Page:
A Glimmer Amidst The Dust

While it tackles the menace of industrial pollution and fossil fuel based environmental poisoning, China has also emerged as the world’s leading investor in renewable energy, surpassing both France and Germany and spending 36 percent of the world’s total investment in wind, water and solar energy in 2015.
Beijing has been wise to tackle any deterrents on the political front in its crusade against environmental degradation, by punishing the top brass of companies responsible for chemical-related accidents, and jailing the likes of former deputy environment minister Zhang Lijun for accepting bribes of 2.4 million yuan (HK $2.6 million).

Despite Beijing’s efforts to repair the damages, there is much more to be done on the environmental protection front, as threats of local unrest loom even with an increasing number of the population voicing against the country’s maltreatment of regulations.

The stalling of the Trans-Pacific Partnership, and China’s leadership in the Regional Comprehensive Economic Partnership have opened doors to a more conscious change. Taking Beijing as a yardstick, both the Chinese Government and its citizens need to collectively work toward establishing China as the definite global voice for environmental reparation.

Google will run entirely on Renewable Energy reported by China-US Club

Renewable energy is the future – take it or leave it. Tech giants like Google, Apple and even Microsoft are leading the race to reach that future. With that goal, Google announced that in the year 2017, it will completely move to renewable energy. Now that could be huge for the industry, for a couple of reasons:

  1. Google consumes as much energy as the entire city of San Francisco. So going 100% renewable simply means a massive amount of energy saving.
  2. Google is a role model for hundreds and thousands of startups, tech companies across the world, who try to emulate many things that it does. So this could possibly inspire a large percent of small and medium scale startups to move towards renewable energy methodologies. In other words, it could lead to a tectonic shift in people’s perception about renewable energy sources.

The online giant announced that all of its data centers across the world will be resourced by renewable energy from mid 2017. Google has been partnering with several renewable electricity producers across the world for the past few years by promising them that they would purchase energy produced via turbines and solar cells from them – allowing these energy companies to obtain loans, bank financing, etc.

The way it works is – Google plans to plug the power generated by renewables right into the utility grid, which ensures that Google’s usage does not present net consumption of fossil fuels yet the electricity receives a huge chunk of renewable resources.

Google’s senior vice president of technical infrastructure, Joe Kava was quoted as saying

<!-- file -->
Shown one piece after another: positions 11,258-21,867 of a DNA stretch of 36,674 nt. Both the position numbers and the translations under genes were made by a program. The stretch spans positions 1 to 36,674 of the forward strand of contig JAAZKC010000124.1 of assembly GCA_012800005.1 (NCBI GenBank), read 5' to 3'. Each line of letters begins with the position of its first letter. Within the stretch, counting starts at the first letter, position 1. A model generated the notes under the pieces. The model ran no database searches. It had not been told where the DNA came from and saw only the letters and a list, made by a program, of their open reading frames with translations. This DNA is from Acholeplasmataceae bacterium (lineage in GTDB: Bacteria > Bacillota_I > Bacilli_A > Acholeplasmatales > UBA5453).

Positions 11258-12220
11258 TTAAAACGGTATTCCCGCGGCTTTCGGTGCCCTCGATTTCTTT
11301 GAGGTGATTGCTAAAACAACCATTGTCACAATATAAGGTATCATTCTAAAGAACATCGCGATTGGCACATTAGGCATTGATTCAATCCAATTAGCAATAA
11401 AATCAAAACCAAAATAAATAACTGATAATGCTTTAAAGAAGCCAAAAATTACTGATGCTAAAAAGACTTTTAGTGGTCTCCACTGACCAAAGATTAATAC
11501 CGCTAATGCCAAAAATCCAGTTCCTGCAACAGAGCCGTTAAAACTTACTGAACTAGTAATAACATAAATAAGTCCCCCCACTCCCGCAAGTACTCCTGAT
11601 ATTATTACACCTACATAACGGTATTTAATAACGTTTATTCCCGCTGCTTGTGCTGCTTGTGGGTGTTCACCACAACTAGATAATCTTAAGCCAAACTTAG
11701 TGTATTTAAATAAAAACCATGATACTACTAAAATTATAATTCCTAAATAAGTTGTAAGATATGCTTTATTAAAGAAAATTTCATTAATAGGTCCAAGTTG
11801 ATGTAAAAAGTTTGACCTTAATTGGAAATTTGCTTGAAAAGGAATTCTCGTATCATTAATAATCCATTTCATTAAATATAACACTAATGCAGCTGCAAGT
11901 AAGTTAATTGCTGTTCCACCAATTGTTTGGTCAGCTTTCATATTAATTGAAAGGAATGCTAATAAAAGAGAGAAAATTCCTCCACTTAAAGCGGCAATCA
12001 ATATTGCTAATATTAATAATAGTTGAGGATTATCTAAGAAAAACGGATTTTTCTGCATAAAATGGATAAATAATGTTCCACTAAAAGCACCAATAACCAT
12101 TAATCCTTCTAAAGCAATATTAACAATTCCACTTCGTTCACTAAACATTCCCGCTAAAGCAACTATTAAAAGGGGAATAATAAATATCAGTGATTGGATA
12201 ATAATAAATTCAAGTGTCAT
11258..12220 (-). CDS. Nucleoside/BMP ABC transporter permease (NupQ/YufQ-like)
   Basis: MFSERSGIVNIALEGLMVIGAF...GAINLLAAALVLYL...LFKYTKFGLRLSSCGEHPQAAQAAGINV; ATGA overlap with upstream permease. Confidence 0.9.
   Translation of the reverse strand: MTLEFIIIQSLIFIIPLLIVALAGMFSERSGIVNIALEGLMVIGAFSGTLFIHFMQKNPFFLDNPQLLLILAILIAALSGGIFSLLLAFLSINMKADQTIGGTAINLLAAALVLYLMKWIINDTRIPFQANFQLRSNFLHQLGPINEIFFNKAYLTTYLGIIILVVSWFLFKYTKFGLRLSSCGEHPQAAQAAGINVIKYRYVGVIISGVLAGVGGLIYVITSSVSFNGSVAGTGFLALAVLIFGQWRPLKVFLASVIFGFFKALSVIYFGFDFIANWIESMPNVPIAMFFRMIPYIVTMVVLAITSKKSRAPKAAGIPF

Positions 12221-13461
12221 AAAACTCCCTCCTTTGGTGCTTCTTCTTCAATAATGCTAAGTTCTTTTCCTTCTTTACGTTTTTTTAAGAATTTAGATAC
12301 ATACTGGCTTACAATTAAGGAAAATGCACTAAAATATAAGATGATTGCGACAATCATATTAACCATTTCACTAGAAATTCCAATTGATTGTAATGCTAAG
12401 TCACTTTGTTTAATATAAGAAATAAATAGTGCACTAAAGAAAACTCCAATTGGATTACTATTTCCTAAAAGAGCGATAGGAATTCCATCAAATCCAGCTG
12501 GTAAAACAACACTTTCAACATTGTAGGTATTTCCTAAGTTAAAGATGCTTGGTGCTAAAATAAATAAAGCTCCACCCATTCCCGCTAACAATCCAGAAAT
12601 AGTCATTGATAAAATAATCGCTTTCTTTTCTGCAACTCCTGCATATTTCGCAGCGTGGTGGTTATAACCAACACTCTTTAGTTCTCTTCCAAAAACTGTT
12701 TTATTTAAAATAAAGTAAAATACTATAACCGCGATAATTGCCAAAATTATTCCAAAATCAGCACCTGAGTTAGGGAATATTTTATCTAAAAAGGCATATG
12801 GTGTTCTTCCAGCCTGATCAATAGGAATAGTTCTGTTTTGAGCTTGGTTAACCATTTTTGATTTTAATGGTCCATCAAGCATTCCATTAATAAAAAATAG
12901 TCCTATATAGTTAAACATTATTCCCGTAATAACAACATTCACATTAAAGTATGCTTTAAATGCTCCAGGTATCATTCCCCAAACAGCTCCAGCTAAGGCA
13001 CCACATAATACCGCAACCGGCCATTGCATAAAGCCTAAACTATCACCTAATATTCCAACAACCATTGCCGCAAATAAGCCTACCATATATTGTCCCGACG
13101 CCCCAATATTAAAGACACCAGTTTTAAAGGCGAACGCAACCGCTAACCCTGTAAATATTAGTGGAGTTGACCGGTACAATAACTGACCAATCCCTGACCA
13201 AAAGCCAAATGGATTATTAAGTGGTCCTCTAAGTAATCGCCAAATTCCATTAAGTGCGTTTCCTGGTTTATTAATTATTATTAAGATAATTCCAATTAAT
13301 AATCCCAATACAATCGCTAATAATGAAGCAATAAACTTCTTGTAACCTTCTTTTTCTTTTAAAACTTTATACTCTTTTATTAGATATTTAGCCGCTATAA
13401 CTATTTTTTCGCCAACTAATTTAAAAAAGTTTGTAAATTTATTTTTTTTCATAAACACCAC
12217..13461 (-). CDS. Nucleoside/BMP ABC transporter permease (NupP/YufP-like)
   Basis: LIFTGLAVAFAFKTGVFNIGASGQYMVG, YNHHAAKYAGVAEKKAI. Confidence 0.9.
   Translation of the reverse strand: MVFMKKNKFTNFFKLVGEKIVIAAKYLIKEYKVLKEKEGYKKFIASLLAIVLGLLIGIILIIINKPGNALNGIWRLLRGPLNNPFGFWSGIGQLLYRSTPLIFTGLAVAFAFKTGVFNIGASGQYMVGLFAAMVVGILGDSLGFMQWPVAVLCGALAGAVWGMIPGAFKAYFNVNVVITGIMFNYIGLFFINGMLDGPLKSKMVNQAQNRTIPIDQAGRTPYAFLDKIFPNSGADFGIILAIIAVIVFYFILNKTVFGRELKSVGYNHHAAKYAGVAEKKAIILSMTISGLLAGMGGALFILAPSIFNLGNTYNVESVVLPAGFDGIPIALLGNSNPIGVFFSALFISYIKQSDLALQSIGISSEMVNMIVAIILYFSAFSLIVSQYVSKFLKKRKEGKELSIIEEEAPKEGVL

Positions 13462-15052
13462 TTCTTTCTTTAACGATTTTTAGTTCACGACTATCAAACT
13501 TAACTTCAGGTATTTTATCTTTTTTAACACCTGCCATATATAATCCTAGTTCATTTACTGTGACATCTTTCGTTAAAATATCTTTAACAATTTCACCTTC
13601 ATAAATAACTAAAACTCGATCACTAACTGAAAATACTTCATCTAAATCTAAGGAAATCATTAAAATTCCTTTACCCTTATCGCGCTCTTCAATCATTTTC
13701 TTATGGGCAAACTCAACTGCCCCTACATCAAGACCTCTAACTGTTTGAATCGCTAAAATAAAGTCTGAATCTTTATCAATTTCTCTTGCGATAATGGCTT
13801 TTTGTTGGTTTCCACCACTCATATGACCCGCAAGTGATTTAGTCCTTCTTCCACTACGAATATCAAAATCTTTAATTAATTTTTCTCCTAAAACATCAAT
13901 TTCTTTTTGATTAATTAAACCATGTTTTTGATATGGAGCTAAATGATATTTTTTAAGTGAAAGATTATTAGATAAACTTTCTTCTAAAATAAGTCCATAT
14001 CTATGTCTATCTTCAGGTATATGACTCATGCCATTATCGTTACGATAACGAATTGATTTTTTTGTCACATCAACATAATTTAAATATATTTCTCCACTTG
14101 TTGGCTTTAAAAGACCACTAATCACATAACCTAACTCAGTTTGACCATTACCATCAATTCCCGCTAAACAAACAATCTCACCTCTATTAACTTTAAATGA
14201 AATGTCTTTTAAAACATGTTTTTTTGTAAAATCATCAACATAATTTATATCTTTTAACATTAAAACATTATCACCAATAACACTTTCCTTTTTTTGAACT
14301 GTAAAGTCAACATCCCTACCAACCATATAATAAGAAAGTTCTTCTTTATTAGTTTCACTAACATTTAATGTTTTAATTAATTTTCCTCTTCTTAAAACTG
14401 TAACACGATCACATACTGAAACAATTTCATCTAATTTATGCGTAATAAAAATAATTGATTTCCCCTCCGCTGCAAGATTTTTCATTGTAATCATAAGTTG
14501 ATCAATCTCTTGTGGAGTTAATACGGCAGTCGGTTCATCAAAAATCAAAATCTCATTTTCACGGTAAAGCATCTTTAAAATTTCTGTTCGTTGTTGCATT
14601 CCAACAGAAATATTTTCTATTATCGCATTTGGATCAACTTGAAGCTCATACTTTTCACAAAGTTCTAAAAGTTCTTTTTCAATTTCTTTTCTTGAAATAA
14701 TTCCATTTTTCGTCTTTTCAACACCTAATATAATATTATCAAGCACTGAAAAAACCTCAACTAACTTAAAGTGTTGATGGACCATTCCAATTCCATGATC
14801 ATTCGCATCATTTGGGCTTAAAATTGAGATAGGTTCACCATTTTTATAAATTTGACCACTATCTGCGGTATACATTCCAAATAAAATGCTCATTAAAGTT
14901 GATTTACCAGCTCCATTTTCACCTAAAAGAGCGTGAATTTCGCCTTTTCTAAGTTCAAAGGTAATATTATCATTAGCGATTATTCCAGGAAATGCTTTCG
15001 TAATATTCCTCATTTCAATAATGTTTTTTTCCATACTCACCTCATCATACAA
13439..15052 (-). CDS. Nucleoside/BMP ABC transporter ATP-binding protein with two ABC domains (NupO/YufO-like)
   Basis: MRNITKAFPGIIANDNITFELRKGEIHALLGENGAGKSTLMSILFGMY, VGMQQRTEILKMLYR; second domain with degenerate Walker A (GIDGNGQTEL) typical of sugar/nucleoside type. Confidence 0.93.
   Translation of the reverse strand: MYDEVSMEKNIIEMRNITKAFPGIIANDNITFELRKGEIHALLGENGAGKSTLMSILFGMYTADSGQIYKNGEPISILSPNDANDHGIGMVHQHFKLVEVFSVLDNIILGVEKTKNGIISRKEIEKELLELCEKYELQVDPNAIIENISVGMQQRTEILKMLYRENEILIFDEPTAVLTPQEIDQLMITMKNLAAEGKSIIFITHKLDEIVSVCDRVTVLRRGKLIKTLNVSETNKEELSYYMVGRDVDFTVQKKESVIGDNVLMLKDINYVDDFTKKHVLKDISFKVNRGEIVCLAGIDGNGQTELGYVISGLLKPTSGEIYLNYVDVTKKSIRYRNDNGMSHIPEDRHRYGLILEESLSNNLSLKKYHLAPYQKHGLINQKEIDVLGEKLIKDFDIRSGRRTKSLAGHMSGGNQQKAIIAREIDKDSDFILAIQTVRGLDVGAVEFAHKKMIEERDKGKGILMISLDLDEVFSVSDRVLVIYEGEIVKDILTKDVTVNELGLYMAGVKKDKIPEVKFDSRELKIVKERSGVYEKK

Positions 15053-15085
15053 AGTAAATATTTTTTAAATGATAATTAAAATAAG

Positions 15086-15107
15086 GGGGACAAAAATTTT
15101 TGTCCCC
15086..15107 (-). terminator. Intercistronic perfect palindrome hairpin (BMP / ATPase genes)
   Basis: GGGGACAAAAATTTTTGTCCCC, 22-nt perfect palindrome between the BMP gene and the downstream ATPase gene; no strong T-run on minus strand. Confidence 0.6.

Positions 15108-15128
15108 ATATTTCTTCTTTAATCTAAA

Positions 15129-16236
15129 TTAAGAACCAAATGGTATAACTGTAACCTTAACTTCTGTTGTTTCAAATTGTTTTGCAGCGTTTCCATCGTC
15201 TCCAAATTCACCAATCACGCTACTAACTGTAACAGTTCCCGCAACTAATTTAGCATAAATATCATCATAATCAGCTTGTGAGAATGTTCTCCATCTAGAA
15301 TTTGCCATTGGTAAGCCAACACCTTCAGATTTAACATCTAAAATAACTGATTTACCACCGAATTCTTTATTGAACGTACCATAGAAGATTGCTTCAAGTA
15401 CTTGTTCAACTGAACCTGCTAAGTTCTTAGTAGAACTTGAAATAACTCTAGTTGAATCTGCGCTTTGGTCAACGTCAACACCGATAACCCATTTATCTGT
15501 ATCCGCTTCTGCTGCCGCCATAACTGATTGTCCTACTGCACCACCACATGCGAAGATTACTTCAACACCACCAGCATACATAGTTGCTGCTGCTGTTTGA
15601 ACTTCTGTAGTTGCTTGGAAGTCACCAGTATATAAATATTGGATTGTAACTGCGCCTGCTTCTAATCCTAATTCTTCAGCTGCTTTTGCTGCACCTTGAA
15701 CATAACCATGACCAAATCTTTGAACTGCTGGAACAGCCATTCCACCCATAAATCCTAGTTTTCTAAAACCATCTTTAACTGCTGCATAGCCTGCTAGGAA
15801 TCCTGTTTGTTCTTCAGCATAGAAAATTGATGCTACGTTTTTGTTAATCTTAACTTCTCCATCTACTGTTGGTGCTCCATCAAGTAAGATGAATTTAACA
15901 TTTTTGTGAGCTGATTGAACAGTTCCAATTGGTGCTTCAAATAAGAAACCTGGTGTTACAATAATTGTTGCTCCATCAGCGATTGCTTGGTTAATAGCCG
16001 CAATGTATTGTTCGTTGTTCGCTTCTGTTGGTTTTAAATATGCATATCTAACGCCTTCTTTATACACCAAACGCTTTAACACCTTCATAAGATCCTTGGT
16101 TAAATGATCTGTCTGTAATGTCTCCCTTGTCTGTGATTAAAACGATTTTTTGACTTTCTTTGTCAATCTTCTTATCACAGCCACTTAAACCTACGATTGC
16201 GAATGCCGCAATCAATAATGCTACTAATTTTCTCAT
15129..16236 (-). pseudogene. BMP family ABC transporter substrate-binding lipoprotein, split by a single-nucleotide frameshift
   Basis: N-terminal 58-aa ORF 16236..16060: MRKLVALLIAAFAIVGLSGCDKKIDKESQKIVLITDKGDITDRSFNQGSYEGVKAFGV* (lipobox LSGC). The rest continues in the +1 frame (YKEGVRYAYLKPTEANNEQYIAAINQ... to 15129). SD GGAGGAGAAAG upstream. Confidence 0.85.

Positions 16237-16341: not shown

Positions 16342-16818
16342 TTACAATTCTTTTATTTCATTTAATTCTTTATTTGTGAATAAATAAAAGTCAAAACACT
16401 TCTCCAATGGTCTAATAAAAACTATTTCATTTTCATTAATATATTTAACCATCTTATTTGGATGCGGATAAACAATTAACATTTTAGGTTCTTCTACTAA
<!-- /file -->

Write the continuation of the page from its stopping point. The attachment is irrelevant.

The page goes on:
“We are the largest corporate purchaser of renewable energy in the world, it’s good for the economy, good for business and good for our shareholders.”
The reason why Google is said to be relying on wind supplies is because unlike Carbon-based power, their prices are relatively stable, enabling Google to forecast, prepare better.

In fact, in some places like Chile, renewables are less expensive than the fossil fuels, said Mr. Kava.

A company as enormous as Google getting into renewables is good for the entire industry. With its huge data centers and gigantic computer complexes, Google is definitely among the world’s biggest and fastest-growing new consumers of renewable electricity. To give a quick insight on how big this could be – currently 25% of US electricity goes to business, out of which tech players like Google make up to 2% of it. A recent report suggested that Dominion Virginia Power had an increase in demand by almost 9% from such tech companies.

Google currently owns 13 large data-centers and few smaller ones as well and each data center consists of hundreds and thousands of computers running 24/7.

Jonathan Koomey, a professor in the school of earth, energy, environmental sciences at Stanford said,
“the 5.7 terawatt-hours of electricity Google consumed in 2015 is equal to the output of two 500 megawatt coal plants, and for one company to be doing this is a very big deal. It means other companies of a similar scale will feel pressure to move.”
What this also means for the industry is – when you have corporates with such massive consumption, the production will obviously increase, resulting in lower prices. In fact, Mr. Koomey added,

every time the production is doubled, the cost of solar is reduced by almost 20 percent. Wind goes down 10 to 12 percent.”
This announcement hasn’t come without any criticism. Critics suggested that even though Google might be preparing to move completely towards renewables, it will still have to be dependent on fossil fuels – thanks to the intermittence of wind and sun and the constant demand for stuff like YouTube cat videos.

“In my mind it’s a P.R. gimmick,” said Chris Warren, vice president of communications at the Institute for Energy Research, a think tank in Washington. “If they think they can actually support themselves with wind and solar panels, they should connect them directly to their data centers.”


Whether Google will actually be able to move 100% on renewables in 2017 is an only time can tell. What we could say is – if Google does manage to accomplish 80% of what it plans, than other big companies will feel pressured to move.